Athens’ Tower of Winds, also known as the Horologion of Andronikos Kyrrhestesas, is a 12m high octagonal marble structure built around 50 BC. It once boasted a sundial, a water clock and a wind vane, prompting DavidH to say, ‘it could be considered the world’s first meteorological station.’ The sides bore images of the eight wind deities: Boreas (N), Kaikias (NE), Apeliotes (E), Eurus (SE), Notus (S), Lips (SW), Zephyrus (W) and Skiron (NW).
DavidH writes: Boreas was the purple-winged god of the north wind, one of the four seasonal Anemoi (Wind-Gods). He was also the god of winter who swept down from the cold mountains of Thrace, chilling the air with his icy breath. Boreas is depicted as being very strong, with a violent temper to match. He was frequently shown as a winged old man with shaggy hair and beard, holding a conch shell and wearing a billowing cloak.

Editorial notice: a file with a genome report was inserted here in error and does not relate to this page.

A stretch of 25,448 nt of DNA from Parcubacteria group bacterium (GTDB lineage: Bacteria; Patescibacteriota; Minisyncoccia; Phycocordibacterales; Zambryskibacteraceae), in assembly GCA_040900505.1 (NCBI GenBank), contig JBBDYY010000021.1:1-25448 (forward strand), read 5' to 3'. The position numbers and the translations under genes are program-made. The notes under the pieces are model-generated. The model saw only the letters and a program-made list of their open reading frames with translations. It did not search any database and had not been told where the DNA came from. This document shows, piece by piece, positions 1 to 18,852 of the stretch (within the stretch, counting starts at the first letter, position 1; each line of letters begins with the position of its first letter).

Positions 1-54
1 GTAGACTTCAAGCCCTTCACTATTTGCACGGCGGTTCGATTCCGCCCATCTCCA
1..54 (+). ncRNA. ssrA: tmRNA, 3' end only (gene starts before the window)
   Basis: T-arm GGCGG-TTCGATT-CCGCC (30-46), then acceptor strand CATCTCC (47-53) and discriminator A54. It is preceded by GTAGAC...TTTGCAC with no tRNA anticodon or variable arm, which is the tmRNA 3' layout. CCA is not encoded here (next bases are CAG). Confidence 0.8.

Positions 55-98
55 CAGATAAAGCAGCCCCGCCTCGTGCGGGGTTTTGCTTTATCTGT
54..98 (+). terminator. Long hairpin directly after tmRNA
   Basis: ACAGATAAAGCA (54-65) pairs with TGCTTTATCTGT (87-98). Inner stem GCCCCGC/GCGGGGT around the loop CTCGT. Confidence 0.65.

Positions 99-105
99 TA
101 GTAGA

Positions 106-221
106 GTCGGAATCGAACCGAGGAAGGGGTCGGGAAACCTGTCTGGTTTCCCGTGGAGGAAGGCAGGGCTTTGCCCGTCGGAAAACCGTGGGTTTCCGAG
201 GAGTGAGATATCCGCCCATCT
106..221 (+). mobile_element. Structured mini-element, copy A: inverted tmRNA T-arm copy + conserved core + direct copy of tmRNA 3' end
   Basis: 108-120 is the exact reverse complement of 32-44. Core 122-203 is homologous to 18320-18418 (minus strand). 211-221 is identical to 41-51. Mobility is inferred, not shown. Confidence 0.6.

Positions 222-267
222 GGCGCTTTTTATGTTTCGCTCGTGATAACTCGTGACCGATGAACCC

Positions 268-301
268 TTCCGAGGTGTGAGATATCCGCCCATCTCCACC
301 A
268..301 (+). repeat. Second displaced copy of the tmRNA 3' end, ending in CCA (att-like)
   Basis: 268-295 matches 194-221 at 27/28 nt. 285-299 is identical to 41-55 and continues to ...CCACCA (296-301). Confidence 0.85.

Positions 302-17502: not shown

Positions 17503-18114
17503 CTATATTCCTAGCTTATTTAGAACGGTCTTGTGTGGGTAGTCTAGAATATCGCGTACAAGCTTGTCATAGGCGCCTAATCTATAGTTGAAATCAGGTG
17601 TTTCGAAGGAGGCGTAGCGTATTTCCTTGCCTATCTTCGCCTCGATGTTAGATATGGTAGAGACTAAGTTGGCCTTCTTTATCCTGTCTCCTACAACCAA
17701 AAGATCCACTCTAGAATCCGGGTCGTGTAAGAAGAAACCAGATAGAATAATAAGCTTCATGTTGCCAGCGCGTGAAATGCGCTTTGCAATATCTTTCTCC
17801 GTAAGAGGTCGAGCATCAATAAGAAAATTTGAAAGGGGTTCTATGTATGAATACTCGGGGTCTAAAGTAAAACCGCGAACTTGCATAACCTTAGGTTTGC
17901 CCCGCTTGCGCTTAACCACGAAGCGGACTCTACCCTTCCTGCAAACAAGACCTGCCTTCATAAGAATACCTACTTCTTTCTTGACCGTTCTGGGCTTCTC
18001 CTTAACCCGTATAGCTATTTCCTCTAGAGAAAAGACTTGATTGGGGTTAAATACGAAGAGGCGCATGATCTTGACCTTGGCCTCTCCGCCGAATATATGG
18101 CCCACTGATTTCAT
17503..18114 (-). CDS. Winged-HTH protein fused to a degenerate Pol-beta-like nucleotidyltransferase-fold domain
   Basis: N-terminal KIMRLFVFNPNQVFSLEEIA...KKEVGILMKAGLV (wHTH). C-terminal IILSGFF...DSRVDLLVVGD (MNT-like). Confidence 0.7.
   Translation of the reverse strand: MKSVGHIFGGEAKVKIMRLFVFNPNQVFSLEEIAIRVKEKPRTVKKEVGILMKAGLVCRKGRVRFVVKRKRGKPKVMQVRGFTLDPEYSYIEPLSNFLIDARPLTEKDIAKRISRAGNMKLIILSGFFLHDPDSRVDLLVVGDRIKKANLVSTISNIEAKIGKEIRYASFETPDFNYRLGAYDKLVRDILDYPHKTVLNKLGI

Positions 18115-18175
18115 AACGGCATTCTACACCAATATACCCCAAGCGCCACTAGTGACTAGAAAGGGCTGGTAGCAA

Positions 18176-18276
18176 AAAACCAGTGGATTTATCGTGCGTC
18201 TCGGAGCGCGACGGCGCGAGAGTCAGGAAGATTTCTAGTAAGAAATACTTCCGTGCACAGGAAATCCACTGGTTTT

I’m reminded of Triste, where Jan Morris says the Bora gives the winter a ‘baleful excitement’ and is ‘fundamental to Trieste’s self-image’ (Trieste and the Meaning of Nowhere, 2001). Nick Hunt, in Where the Wild Winds Are (2017), describes the city as one of the ‘mouths’ of the Bora and argues it ‘takes peculiar pride in that status’. The bronze wind-rose on the Molo Audace indicates the principal Mediterranean winds; the Bora is indicated by ‘a demented cherubic face (puffing) out a wintery blast’.
Photo: 1. Boreas, Tower of Winds, Athens, Greece, June 2019; 2, Wind-rose, Molo Audace, Trieste, Italy, March 2003